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Feasibility of simplifying renal dosimetry in Lu-177 peptide receptor radionuclide therapy

Journal article
Authors A. Sundlov
J. Gustafsson
G. Brolin
N. Mortensen
Rebecka Hermann
Peter Bernhardt
J. Svensson
M. Ljungberg
J. Tennvall
K. S. Gleisner
Published in Ejnmmi Physics
Volume 5
Issue 1
ISSN 2197-7364
Publication year 2018
Published at Institute of Clinical Sciences, Department of Radiation Physics
Institute of Clinical Sciences, Department of Oncology
Language en
Links dx.doi.org/10.1186/s40658-018-0210-...
Keywords PRRT, Dosimetry, Neuroendocrine, 177-Lutetium, Dotatate, SPECT, neuroendocrine tumors, monte-carlo, quantitative spect, kidney, lu-177-dotatate, octreotate, accuracy, predict, impact, i-131, Radiology, Nuclear Medicine & Medical Imaging
Subject categories Radiology

Abstract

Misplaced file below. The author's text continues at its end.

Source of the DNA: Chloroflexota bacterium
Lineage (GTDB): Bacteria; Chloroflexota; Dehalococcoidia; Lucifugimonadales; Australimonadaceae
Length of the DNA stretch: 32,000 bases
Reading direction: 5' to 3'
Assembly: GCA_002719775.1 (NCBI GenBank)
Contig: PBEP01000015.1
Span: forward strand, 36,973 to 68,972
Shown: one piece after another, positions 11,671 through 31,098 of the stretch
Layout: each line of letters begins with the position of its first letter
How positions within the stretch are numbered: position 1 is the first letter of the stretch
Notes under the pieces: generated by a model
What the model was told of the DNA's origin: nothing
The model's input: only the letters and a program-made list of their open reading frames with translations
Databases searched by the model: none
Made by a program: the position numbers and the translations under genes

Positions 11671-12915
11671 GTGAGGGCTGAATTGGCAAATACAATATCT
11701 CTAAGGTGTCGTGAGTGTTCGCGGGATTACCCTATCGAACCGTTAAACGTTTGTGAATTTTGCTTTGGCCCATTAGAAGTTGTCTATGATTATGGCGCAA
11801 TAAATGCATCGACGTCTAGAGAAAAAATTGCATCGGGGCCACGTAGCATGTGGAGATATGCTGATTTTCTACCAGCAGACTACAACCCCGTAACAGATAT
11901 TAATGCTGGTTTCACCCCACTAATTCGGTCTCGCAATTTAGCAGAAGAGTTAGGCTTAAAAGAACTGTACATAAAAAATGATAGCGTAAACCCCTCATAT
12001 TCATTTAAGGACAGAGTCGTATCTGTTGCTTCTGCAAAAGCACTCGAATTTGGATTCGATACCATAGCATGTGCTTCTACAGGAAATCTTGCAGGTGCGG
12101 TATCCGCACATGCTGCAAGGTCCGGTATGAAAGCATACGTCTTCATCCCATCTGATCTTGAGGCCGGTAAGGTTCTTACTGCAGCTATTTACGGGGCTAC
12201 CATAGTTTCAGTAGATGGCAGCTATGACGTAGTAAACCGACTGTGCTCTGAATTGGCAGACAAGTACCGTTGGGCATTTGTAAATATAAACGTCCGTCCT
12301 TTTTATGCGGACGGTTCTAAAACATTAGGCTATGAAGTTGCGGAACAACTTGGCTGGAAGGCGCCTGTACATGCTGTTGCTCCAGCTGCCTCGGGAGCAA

Background: Recently, Lu-177-dotatate therapy for neuroendocrine tumours has received regulatory approval. Dosimetry can be used to optimize treatment on an individual basis, but there is no international consensus as to how it should be done. The aim of this study is to determine a feasible and accurate dosimetry method to guide individualized peptide receptor radionuclide therapy (PRRT) for patients with neuroendocrine tumours. As part of a clinical trial on Lu-177-dotatate therapy, renal dosimetry was performed for all patients in each treatment cycle, using a hybrid planar-SPECT/CT method. In the present study, we use the image data acquired from 22 patients and 119 cycles and define a set of alternative treatment planning strategies, each representing a simplification in terms of image acquisition and dosimetric calculations. The results from the simplified strategies are compared to the results from the protocol-prescribed hybrid planar-SPECT/CT-based method by analysing differences both in per-cycle and total cumulative absorbed dose (AD) analyses. Results: In general, the SPECT-based methods gave results that were largely consistent with the protocol-specified hybrid method, both in the per-cycle and cumulative AD analyses. Notably, performing one SPECT/CT per cycle at 96 h yielded ADs that were very similar to the protocol method. The methods using planar dosimetry resulted in larger variations, as expected, while giving 4 cycles to all patients resulted in the largest inter-individual differences in cumulative AD. Conclusions: Performing one SPECT/CT at 96 h in every treatment cycle gives sufficiently reliable dosimetric results to base individualized treatment planning on, with a reasonable demand on resources.

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